Volume 95, Issue 13

Friday, September 21, 2001
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Smooth ride to Oklahoma!

Contantines feed on Indie success

Michel's sad and beautiful word


Smooth ride to Oklahoma!

Love story with good ol' country feel

By Dale Wyatt
Gazette Staff

Everything sure is going the cast's way in the riveting theatrical production of Oklahoma!

This boisterous love story, set against a colourful backdrop of rivalry between local farmers and cowboys is a triumphant tale sure to captivate the attention of any audience.

It is by no means a simple story. This play is comprised of many unique and interesting plots intricately woven together. The end result is a fantastic adventure into the good ol' days your grandpa told you about when you were a child.
Each story revolves around what begins as a seemingly non-existent relationship between a cowboy named Curly and a farm girl named Laurey. Together, they overcome a roller-coaster ride of events and emotions, managing to find love and peace with each other.

The lead male protagonist opens the play with an enthralling rendition of "Oh, What a Beautiful Mornin'," a song that reappears sporadically throughout the production.

Lauren Starr/Gazette

Bill Whitwham, as Curly, does an outstanding job at looking, talking and playing into authentic western stereotypes. Everything from his cowboy boots to the sash tied loosely around his neck help the audience forget where they actually are.

Whitwham successfully draws the viewer in through his body language, strong voice and fantastic facial expressions. By doing so, he enables the audience to witness his character's sincerity firsthand. There is not much development in his character, but Whitwham keeps the crowd satisfied.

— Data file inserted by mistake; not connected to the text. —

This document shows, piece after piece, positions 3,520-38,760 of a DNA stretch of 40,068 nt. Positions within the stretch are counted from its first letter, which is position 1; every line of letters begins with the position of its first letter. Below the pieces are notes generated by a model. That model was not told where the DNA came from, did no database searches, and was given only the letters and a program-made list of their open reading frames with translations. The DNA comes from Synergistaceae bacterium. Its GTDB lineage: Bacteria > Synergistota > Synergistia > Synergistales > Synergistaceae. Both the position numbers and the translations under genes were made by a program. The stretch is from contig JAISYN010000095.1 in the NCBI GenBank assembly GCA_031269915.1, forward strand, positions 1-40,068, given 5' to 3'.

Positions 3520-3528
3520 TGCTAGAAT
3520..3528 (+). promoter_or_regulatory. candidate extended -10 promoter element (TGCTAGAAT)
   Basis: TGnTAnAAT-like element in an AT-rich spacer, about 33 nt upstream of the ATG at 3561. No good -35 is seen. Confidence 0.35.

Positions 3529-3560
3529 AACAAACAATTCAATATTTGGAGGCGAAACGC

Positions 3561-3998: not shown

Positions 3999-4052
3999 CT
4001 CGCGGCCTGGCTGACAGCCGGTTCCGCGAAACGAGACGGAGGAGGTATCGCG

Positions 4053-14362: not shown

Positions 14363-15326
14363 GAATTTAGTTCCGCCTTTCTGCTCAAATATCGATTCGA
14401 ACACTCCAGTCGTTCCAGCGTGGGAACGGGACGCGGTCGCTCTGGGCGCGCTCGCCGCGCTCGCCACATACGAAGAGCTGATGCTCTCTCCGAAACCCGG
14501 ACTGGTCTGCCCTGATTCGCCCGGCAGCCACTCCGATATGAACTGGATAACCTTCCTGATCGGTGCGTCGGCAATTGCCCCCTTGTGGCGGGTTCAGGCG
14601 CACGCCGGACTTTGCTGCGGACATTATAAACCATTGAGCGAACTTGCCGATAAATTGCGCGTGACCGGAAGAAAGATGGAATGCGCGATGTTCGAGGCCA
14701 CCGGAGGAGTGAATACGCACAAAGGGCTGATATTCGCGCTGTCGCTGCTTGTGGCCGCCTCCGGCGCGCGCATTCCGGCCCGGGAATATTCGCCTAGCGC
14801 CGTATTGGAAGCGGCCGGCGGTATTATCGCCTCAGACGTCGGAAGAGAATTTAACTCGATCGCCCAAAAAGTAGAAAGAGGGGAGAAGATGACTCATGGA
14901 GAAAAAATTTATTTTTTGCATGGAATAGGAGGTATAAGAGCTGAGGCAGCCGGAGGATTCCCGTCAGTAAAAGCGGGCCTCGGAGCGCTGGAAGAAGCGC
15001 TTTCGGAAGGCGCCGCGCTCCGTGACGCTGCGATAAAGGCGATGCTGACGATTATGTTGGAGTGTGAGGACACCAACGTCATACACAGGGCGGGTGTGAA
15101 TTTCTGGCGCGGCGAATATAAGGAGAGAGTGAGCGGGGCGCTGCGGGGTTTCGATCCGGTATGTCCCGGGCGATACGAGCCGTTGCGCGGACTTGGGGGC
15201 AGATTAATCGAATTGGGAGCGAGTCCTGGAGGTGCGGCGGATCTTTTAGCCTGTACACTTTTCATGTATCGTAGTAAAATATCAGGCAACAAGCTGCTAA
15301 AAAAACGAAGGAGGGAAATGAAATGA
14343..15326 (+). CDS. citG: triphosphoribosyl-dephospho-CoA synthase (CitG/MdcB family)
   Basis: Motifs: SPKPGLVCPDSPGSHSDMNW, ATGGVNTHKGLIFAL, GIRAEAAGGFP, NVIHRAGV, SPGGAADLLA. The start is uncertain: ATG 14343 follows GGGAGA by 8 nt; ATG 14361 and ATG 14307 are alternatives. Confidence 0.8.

The female lead, Laurey, played by Kira Stuckey, is equally strong in many regards. However, her beautifully soft voice can, at times, get lost in the music when she goes for a high note.

Adding strength and diversity to this already powerful lineup are eight other individuals.

Simon Goodwin, as Ali Hakim, provides the audience with strong doses of humor and wit as a man who constantly finds himself in trouble with women and their gun-toting fathers.

Gino Ianni plays the lonely and vengeful Jud Fry, he adds the essential amount of creepiness necessary to thicken the plot. His character undergoes the most development and Ianni portrays this well.

The chorus is also very strong. At times, the music gets loud but never to the point where it's unbearable. The score is well-played and clearly conveys the feeling of a particular character or scene.

The only obvious weakness is found in a number of the cast ensemble dance sequences. At times, the cast was out of step with the music and each other, creating a few jumbled collages of bodies.

A great thing about the Talbot Theatre is the absence of bad seats. The small, cozy atmosphere helps to create a better connection between the audience and cast.

The set itself is simple and effective. To the left is an ordinary wooden porch, complete with squeaky door hinges that give off a hearty country feel.

Most of the action however, takes place front and centre before a beautiful corn field. The white backdrop changes colour to signify the passage of time.

When the lights come on at the final curtain, you will not be upset you spent money to see this play. You can expect however, your hands to hurt from clapping.

Oklahoma! starts tonight at the Talbot Theatre. For show times and ticket info, call the Grand Theatre box office at (519) 672-8800.

To Contact The Arts and Entertainment Department:

Copyright The Gazette 2001